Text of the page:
In Part 1 of Nokia's (Hidden) Value, I detailed how I believe Nokia (NOK) is taking the necessary steps towards righting its well-documented fall from the world's dominant cell phone maker just a few years ago to a company now trying to dramatically reinvent itself. Next, I will discuss the areas that, when combined with its restructuring, could push the company back towards profitability.
When analysts, pundits and reporters have talked about Nokia in the past two years, they have inevitably discussed how Nokia was once the world's top selling manufacturer of cell phones. In fact, it was only in Q1 of 2012 that Samsung finally overtook Nokia, after more than a decade as the top seller, peaking with sales of over 400M units per year from 2007-2011. While it is true that Nokia's total sales and market share have both plummeted, it is still the second highest selling manufacturer in the world - and by a large margin over third placed Apple (AAPL) (19.9% market share in Q2 2012 compared to Apple's 6.9%). With sales of just under 83M devices in Q1 2012 and just over 83M in Q2 2012, Nokia is on pace to sell over 300M units this year.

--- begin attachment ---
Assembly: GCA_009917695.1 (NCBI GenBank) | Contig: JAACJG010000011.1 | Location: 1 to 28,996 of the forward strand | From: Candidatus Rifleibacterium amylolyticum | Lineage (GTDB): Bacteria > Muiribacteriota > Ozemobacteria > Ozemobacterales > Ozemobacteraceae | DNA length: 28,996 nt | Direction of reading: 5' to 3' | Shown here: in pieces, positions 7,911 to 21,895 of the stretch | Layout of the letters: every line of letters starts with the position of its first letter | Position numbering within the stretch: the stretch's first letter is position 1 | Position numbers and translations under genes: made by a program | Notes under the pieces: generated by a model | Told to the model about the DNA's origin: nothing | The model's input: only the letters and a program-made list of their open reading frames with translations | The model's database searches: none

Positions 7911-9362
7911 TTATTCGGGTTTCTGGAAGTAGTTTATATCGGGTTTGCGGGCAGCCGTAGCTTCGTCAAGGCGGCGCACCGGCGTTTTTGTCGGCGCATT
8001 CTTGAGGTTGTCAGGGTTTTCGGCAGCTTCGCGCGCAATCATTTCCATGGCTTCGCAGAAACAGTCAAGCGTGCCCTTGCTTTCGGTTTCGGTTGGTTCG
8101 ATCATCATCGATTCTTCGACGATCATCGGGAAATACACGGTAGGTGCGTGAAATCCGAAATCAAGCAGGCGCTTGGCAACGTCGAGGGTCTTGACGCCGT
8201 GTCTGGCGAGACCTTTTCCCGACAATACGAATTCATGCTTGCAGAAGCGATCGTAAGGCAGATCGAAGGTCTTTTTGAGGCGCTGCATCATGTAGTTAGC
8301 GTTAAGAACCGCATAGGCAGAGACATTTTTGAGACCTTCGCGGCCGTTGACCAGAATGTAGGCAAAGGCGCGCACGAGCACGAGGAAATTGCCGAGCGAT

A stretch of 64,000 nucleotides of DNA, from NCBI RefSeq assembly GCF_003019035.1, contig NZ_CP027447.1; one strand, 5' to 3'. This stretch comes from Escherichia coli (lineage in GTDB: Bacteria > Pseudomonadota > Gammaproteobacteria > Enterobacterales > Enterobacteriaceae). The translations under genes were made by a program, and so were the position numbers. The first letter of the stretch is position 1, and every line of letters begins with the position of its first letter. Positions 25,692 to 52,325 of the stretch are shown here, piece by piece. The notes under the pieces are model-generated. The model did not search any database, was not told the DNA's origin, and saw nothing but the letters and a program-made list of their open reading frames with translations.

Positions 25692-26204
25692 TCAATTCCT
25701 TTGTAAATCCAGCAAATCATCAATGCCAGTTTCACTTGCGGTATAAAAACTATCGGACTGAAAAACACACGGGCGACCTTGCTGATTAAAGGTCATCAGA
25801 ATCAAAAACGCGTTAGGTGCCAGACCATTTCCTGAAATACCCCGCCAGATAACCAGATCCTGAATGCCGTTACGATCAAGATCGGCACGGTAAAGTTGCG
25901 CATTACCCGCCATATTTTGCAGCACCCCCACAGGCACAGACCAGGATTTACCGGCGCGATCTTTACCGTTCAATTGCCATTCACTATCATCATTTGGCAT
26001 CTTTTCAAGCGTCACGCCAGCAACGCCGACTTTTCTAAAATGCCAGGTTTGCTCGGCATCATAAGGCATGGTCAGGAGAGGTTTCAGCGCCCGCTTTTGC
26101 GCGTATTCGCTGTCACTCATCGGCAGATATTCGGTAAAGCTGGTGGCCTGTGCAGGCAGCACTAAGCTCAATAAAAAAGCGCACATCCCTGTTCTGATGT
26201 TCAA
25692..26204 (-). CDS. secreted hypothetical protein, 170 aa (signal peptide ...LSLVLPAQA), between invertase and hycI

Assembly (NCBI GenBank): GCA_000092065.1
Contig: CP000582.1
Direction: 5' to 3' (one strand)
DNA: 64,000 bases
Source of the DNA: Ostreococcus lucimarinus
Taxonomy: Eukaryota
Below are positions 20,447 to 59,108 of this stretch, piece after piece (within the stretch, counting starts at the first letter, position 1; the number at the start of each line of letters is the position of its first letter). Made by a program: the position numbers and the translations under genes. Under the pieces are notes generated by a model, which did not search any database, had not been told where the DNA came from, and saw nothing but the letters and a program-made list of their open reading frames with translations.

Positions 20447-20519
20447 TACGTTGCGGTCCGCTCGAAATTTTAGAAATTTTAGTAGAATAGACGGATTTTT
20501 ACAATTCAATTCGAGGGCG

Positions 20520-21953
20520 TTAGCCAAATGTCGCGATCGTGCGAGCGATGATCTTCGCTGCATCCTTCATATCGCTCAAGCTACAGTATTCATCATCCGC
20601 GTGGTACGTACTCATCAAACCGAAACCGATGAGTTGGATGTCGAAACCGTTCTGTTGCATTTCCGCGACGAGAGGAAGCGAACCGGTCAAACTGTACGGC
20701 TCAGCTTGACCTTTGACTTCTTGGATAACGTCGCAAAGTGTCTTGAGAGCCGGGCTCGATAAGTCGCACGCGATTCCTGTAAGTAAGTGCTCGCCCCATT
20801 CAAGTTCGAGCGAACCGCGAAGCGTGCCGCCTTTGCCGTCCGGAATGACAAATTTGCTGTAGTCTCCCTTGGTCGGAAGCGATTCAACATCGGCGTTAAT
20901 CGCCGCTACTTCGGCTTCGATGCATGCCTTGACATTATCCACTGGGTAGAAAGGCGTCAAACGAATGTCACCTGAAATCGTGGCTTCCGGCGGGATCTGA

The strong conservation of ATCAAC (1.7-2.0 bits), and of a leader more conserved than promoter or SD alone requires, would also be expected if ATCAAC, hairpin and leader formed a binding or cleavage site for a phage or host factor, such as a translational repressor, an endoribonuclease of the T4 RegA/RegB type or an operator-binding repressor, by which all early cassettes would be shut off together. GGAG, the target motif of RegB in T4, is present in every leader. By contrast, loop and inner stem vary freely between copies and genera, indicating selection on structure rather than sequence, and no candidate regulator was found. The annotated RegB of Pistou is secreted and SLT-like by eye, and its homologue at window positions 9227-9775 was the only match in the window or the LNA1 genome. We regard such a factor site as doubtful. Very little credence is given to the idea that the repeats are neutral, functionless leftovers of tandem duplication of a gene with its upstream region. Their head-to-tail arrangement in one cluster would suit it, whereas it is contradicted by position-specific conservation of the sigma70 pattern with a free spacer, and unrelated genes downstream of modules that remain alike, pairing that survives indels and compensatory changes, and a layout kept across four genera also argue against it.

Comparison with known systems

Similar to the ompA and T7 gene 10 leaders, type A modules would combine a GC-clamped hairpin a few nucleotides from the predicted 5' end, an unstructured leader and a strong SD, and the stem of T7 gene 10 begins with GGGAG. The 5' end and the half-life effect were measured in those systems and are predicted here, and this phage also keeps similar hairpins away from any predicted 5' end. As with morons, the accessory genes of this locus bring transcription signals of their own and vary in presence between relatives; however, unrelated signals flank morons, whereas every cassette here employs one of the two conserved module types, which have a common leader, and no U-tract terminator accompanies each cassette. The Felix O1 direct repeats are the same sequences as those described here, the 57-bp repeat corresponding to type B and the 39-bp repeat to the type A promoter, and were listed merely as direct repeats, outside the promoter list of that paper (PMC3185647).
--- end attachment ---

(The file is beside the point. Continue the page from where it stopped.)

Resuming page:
Granted, the vast majority of these sales will not be smartphones (which have a much higher profit margin), but it still means Nokia has a strong base for revenue from these sales and puts it in the enviable position of being a very well-known and well-liked brand for people who are looking to upgrade their phones, particularly to their first smartphone. Consider when you sell over 400M phones per year for five straight years, you will likely have millions (billions even) of potential repeat-customers, with many of those in markets that are just now starting to purchase smartphones in meaningful quantities. This is where Nokia has the possibility of a huge comeback, as the Finnish brand is one of the most visible and well-liked in these emerging markets. Evidence of this can already be seen with Nokia's Asha feature phone in India, where the cheap smartphones (aka feature phones) are doing well, especially compared to low-end Android phones. This potentially positions Nokia for its low-end Lumia Windows Phone devices to perform well in these soon-to-be burgeoning markets. Strong basic-, feature- and low-end smartphone sales in emerging markets might not be enough to convince potential investors of Nokia's upside, but coupled with its restructuring efforts, could help the company reach profitability sooner and give it more time to increase its market share in the (higher-end) smartphone market.